Your quote was "Were he not American, and thus insulated by raw power from accountability, he likely would have been in front of the ICC or some sort of international tribunal for war crimes, alongside other members of the Bush administration."

You can skate around it all you want, based on your thoughts/opinions. But you can not offer a verdict.
 

OldSolduer

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He's gone - a footnote in history.

The one I felt was tossed under the bus was Colin Powell. The information/intelligence was pretty much made up, and he had to present it to The UN IIRC.

Much fuckery was at the behest of Mr. Rumsfeld.
 

brihard

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Your quote was "Were he not American, and thus insulated by raw power from accountability, he likely would have been in front of the ICC or some sort of international tribunal for war crimes, alongside other members of the Bush administration."

You can skate around it all you want, based on your thoughts/opinions. But you can not offer a verdict.
...which is why I said he would likely be “in front of the ICC or some sort of international tribunal”. That would be judicial proceedings. Verdicts would be their gig, not mine. Looking at what happened in Iraq, with my knowledge and understanding of international law, and with nearly two decades of material published on the matter by people much more educated in the field than I, I believe crimes were committed and that political and military leadership could have faced jeopardy for same. I’m not skating around anything, so you can wind your neck in. I’ve stated my thoughts quite directly. As I implied, I will not mourn Rumsfeld.
 
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Weinie

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...which is why I said he would likely be “in front of the ICC or some sort of international tribunal”. That would be judicial proceedings. Verdicts would be their gig, not mine. Looking at what happened in Iraq, with my knowledge and understanding of international law, and with nearly two decades of material published on the matter by people much more educated in the field than I, I believe crimes were committed and that political and military from the leadership could have faced jeopardy for same. I’m not skating around anything, so you can wind your neck in. I’ve stated my thoughts quite directly. As I implied, I will not mourn Rumsfeld.
And I respect your opinion.

But, that and two bucks gets you a double double at Timmies.


You can't accuse some one of war crimes , or potentially being in contravention of the ICC, without some sort of evidence that will stand scrutiny.

Good luck with that.
 

brihard

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And I respect your opinion.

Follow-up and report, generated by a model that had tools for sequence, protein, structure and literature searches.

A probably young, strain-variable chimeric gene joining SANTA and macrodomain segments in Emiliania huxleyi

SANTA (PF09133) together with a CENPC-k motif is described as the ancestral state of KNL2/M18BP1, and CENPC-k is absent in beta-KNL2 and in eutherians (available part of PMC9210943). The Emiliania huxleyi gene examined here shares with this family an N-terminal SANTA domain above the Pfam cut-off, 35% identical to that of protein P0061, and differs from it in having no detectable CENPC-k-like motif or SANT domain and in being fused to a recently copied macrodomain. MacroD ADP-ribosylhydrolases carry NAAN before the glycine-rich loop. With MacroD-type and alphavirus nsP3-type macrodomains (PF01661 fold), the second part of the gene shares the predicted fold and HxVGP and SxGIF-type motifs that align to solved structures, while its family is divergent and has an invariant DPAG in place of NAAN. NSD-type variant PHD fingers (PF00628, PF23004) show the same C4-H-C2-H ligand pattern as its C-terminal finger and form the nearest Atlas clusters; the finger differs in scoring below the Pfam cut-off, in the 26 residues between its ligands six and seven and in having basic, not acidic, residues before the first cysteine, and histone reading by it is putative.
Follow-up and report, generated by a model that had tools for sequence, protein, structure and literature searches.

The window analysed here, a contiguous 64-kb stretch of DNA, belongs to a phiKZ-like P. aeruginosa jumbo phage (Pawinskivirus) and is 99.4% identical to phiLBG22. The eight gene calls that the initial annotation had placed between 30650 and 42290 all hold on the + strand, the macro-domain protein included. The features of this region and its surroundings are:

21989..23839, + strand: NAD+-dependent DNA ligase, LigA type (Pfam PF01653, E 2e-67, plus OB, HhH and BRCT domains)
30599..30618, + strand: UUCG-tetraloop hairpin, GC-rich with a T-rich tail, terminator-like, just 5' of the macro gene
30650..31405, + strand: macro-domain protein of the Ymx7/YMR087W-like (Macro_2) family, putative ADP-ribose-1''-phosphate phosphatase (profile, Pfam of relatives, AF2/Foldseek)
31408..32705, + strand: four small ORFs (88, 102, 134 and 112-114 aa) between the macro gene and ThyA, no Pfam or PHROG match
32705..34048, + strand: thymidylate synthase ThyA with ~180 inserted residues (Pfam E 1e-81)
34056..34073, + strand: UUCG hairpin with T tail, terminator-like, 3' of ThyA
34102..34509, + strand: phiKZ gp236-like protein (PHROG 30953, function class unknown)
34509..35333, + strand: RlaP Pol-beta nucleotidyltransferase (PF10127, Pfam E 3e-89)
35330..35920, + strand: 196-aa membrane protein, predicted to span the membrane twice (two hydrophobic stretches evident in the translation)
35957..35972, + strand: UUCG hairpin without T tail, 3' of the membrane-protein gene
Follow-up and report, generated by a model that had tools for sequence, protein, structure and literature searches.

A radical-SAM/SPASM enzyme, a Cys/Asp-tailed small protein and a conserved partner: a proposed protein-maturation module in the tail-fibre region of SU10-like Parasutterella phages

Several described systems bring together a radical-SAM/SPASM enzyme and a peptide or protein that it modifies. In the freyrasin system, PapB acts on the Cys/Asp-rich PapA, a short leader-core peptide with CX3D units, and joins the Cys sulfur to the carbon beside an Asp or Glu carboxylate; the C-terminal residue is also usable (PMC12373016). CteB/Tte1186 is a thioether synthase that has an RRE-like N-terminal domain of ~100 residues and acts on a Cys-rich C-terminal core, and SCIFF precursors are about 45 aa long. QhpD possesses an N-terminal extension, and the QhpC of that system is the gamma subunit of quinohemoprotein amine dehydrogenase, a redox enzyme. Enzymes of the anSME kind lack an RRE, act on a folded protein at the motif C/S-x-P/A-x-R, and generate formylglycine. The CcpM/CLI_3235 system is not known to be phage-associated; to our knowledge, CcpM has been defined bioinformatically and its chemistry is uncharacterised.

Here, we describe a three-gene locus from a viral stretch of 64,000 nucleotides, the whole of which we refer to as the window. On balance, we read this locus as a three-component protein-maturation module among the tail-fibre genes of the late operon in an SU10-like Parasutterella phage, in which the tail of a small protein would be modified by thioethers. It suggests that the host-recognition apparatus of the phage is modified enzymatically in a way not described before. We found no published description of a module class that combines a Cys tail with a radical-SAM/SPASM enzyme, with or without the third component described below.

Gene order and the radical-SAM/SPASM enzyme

But, that and two bucks gets you a double double at Timmies.


You can't accuse some one of war crimes , or potentially being in contravention of the ICC, without some sort of evidence that will stand scrutiny.

Good luck with that.
Well, for one there was literally an invasion. The onus is on any state initiating military conflict to demonstrate legal justification for same that is in accordance with international laws and norms. I do not believe the US did so. They relied on a phony WMD pretext that has long been discredited, and they never sought UN Security Council authorization to invade. That by definition is a war of aggression. UNSCR 1441 cannot be tried on to justify the invasion, as it was explicitly stated that violation of that resolution would require further UNSC consideration of the matter.

Again, one state does not get to simply invade another at will and be legally in the clear. The broader community of nations decided that in 1945, with the US and UK as founding members.

Rumsfeld was a primary architect of that invasion and everything that followed. If there is legal culpability - which I personally believe there was - he’s right up in the top tier of that. Or was.
 

Weinie

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Well, for one there was literally an invasion. The onus is on any state initiating military conflict to demonstrate legal justification for same that is in accordance with international laws and norms. I do not believe the US did so. They relied on a phony WMD pretext that has long been discredited, and they never sought UN Security Council authorization to invade. That by definition is a war of aggression. UNSCR 1441 cannot be tried on to justify the invasion, as it was explicitly stated that violation of that resolution would require further UNSC consideration of the matter.

Again, one state does not get to simply invade another at will and be legally in the clear. The broader community of nations decided that in 1945, with the US and UK as founding members.

Rumsfeld was a primary architect of that invasion and everything that followed. If there is legal culpability - which I personally believe there was - he’s right up in the top tier of that. Or was.
Well, we will see. Bold statements.
 

Pelorus

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You can't accuse some one of war crimes , or potentially being in contravention of the ICC, without some sort of evidence that will stand scrutiny.